Scottish referendum: Theresa May and Nicola Sturgeon's relationship hits new low as PM goes on the attack

Vote 'not something to which any responsible government could agree', writes the Prime Minister

Harriet Agerholm
Friday 17 March 2017 12:53
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British Prime Minister Theresa May speaks during a press conference at the Council of the European Union, on the first day of an EU summit, on March 9, 2017 in Brussels, Belgium
British Prime Minister Theresa May speaks during a press conference at the Council of the European Union, on the first day of an EU summit, on March 9, 2017 in Brussels, Belgium

Theresa May has ramped-up her criticism of Nicola Sturgeon and accused her of trying to force a “fundamentally unfair” Scottish independence referendum.

Ms Sturgeon has demanded another vote between the Autumn of 2018 and Spring 2019, but this was rejected by the Prime Minister, who categorically stated: “Now is not the time”.

Explaining her position in The Times, Ms May wrote that another vote “is not something to which any responsible government could reasonably agree”.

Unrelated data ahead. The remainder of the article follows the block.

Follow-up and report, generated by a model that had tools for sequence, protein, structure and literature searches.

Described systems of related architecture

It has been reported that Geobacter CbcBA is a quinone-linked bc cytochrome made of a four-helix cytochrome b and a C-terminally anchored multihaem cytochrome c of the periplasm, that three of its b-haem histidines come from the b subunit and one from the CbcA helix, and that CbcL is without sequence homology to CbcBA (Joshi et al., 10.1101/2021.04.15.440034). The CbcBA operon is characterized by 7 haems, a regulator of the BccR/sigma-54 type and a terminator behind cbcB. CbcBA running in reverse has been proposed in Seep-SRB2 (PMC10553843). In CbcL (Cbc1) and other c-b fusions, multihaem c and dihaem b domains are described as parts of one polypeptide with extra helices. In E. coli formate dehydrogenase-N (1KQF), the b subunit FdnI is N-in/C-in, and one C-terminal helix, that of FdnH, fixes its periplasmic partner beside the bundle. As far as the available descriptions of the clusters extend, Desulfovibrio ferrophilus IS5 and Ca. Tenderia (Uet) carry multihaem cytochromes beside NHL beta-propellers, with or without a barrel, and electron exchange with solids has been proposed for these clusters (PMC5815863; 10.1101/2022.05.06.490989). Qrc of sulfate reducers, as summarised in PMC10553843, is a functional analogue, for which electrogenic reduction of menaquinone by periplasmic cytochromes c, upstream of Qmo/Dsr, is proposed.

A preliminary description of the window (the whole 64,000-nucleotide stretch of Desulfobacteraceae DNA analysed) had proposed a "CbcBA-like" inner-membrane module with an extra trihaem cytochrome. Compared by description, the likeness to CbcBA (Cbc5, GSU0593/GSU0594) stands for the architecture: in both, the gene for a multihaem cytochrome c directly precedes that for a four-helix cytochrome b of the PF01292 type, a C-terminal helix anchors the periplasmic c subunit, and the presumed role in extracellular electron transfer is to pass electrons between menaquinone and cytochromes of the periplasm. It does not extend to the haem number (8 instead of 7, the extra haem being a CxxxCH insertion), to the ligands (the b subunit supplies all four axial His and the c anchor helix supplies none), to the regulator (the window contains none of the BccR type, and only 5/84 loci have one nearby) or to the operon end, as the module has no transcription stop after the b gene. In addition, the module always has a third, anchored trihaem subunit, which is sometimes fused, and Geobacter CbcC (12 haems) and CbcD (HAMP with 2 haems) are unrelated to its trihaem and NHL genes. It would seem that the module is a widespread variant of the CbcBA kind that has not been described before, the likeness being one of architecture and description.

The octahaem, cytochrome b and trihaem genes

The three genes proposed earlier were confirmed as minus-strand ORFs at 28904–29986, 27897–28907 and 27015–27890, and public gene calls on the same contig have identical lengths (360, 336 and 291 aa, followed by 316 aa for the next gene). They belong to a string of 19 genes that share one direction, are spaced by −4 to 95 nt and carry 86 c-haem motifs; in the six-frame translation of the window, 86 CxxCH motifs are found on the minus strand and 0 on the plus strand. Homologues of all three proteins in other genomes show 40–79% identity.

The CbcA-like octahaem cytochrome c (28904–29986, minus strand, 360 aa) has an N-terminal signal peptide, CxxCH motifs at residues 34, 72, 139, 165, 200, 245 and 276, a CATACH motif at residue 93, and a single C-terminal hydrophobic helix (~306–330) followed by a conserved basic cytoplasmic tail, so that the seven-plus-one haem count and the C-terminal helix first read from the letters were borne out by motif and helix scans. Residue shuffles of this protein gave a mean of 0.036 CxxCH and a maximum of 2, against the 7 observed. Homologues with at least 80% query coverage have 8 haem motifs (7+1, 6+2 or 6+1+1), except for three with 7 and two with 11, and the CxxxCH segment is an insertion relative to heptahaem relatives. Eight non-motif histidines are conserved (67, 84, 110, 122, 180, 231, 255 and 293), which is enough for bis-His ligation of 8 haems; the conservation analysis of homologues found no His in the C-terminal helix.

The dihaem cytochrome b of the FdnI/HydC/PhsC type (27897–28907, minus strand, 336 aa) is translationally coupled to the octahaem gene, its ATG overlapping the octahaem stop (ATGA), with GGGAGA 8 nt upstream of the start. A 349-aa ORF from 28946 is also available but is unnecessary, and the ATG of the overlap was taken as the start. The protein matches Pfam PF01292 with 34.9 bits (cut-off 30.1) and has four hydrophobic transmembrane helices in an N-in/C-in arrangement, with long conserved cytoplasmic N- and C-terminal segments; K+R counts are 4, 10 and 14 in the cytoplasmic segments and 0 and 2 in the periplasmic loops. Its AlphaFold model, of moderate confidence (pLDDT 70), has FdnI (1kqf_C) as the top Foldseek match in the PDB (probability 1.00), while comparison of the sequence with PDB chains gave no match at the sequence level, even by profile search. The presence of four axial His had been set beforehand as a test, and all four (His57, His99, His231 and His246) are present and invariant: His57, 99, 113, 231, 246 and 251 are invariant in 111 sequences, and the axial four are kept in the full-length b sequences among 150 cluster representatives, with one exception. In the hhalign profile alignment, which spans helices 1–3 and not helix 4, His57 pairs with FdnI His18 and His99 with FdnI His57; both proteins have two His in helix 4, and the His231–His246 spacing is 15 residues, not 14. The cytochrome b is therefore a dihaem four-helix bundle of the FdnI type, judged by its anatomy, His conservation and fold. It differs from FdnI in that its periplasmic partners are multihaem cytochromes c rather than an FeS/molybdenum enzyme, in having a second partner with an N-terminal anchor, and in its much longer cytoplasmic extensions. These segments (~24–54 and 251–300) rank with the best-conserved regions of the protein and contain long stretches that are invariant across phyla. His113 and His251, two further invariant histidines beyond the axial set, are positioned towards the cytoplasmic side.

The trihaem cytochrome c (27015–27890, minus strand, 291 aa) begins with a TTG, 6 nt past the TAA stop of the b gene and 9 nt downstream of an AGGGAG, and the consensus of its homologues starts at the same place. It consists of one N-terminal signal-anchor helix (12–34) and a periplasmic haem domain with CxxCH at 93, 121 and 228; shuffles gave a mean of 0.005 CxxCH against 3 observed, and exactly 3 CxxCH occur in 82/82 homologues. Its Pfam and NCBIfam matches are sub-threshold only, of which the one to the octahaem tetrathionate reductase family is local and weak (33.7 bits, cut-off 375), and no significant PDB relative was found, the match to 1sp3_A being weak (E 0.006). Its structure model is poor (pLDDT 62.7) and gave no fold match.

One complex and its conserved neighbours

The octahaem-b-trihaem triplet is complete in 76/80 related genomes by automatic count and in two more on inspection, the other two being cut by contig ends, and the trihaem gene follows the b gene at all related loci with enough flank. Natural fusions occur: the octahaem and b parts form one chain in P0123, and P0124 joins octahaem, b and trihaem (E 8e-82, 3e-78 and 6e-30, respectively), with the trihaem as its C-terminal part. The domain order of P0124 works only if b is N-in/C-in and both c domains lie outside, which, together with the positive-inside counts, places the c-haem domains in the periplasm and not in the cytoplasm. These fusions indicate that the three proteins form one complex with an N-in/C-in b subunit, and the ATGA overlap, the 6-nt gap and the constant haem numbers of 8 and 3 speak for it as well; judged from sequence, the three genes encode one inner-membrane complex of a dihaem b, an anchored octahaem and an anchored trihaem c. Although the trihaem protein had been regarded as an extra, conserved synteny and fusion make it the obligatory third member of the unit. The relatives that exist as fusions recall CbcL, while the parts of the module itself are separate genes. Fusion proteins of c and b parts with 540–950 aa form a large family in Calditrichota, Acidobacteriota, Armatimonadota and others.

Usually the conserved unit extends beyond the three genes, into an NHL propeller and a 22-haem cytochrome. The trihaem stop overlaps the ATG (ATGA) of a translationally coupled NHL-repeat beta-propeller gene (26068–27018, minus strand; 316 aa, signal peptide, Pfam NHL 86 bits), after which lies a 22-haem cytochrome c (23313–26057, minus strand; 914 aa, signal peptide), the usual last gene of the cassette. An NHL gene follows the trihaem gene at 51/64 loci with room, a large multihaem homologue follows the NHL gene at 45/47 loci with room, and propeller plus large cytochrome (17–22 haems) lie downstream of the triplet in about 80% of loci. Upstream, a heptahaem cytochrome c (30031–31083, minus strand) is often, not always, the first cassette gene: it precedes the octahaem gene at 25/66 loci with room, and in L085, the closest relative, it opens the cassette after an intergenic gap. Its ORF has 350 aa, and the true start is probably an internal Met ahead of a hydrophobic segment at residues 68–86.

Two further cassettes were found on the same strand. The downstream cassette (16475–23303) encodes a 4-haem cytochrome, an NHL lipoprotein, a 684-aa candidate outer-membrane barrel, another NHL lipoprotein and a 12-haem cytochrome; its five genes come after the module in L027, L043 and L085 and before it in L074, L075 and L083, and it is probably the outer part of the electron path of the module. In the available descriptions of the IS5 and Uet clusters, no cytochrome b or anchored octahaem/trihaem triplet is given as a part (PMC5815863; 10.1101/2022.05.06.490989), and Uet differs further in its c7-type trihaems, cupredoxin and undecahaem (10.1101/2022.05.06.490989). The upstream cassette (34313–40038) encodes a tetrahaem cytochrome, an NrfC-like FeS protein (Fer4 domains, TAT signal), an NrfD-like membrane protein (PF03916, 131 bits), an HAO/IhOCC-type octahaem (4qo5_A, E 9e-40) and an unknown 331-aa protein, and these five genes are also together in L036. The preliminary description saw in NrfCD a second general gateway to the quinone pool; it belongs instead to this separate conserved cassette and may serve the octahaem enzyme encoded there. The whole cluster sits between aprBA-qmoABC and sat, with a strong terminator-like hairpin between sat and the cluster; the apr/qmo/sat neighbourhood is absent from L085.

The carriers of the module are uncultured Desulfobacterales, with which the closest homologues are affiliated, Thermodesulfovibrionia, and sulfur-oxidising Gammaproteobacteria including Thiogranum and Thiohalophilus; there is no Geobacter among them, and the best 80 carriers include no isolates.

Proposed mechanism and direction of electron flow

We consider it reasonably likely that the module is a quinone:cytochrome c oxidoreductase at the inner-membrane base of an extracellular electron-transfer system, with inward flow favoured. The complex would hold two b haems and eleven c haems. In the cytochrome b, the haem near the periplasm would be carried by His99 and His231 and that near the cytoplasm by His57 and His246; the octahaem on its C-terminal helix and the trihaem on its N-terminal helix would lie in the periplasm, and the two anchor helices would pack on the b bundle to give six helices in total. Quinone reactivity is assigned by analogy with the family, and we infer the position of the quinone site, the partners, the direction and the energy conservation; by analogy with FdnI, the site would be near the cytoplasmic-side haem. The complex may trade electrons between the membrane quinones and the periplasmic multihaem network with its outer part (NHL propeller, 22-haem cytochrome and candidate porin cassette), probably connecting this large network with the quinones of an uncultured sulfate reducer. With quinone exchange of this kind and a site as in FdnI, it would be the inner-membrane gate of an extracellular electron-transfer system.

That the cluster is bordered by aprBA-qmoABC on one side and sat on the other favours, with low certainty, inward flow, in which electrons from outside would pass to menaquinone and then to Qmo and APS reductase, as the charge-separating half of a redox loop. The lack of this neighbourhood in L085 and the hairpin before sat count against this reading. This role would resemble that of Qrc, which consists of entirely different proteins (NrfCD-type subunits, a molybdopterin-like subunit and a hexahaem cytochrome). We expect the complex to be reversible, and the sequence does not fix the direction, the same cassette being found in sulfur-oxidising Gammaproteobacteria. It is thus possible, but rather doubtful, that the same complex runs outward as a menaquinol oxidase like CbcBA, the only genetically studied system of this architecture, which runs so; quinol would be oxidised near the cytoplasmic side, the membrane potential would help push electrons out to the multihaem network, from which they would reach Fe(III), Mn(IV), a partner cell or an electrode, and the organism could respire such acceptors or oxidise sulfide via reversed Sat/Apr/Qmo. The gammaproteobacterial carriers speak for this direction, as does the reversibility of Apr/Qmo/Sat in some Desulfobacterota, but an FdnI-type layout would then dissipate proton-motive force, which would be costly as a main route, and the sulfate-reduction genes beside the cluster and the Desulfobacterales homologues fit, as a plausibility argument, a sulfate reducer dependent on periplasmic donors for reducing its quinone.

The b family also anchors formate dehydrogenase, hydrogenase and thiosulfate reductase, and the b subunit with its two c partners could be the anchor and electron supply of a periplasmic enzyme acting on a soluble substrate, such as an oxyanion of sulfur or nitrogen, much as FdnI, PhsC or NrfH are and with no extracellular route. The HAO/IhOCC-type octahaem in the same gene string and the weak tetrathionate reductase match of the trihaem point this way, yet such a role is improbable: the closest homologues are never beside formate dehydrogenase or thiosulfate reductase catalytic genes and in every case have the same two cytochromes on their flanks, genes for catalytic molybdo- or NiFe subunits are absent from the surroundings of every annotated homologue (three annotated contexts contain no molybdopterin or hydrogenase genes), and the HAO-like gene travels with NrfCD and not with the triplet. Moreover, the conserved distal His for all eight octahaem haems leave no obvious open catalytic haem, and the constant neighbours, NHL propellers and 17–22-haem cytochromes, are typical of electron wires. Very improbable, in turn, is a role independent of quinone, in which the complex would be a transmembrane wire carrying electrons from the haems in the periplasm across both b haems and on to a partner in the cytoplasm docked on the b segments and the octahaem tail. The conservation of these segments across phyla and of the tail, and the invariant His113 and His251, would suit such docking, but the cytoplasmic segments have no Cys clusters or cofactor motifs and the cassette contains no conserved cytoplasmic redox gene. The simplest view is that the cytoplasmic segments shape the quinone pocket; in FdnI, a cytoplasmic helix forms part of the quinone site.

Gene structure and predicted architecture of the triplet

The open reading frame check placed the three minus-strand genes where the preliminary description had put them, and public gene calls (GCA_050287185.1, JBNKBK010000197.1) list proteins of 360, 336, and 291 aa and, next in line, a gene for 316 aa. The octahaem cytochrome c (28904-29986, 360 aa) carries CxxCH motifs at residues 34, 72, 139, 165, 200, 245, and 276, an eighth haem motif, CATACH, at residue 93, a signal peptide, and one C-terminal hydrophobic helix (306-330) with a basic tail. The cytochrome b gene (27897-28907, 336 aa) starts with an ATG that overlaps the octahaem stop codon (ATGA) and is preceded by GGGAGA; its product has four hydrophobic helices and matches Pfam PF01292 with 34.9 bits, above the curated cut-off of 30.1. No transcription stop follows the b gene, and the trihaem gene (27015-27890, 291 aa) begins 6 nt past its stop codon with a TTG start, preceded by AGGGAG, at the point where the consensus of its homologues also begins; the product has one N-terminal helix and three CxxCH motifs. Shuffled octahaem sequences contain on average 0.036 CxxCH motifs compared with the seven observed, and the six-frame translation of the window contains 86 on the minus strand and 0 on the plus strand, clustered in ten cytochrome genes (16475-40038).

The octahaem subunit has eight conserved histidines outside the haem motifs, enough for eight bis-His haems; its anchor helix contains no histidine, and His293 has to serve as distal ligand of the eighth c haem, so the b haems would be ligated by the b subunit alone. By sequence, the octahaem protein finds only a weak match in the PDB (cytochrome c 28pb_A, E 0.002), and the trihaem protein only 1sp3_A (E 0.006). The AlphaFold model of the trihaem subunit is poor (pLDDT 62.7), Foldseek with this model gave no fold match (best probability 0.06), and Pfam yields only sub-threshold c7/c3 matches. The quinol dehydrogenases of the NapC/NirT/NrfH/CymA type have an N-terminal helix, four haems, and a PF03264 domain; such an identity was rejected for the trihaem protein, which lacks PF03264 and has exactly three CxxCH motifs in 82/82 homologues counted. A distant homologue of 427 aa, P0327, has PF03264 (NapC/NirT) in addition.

Theresa May: Now is not the time for Scottish independence referendum

She added: “The SNP is trying to force the UK Government to agree to something that is fundamentally unfair to the Scottish people. It wants to ask them to make a crucial decision without the necessary information.

“They would not know what the new partnership with the EU would look like, or what the alternative of an independent Scotland would be. It would simply not be fair.”

Ms Sturgeon meanwhile, has accused the Prime Minister of taking a "completely outrageous and unacceptable" stance.

“It’s an argument for independence, really, in a nutshell, that Westminster thinks it has got the right to block the democratically elected mandate of the Scottish government and the majority in the Scottish parliament," she said. "History may look back on today and see it as the day the fate of the union was sealed.”

She added that she would continue to pursue a plan for a vote at the Scottish parliament and seek its permission to request Westminster to stage the referendum.

Ms Sturgeon is expected to narrowly win the vote, with the backing of the Scottish Green Party.

The SNP's leader in Westminster Angus Robertson also pitched into the debate at his party's spring conference in Aberdeen.

He said that the Conservative Party was to "scared" to let Scotland have another referendum.

However, a number of opinion polls have revealed a large majority of Scots do not want a referendum vote before the UK leaves the EU.

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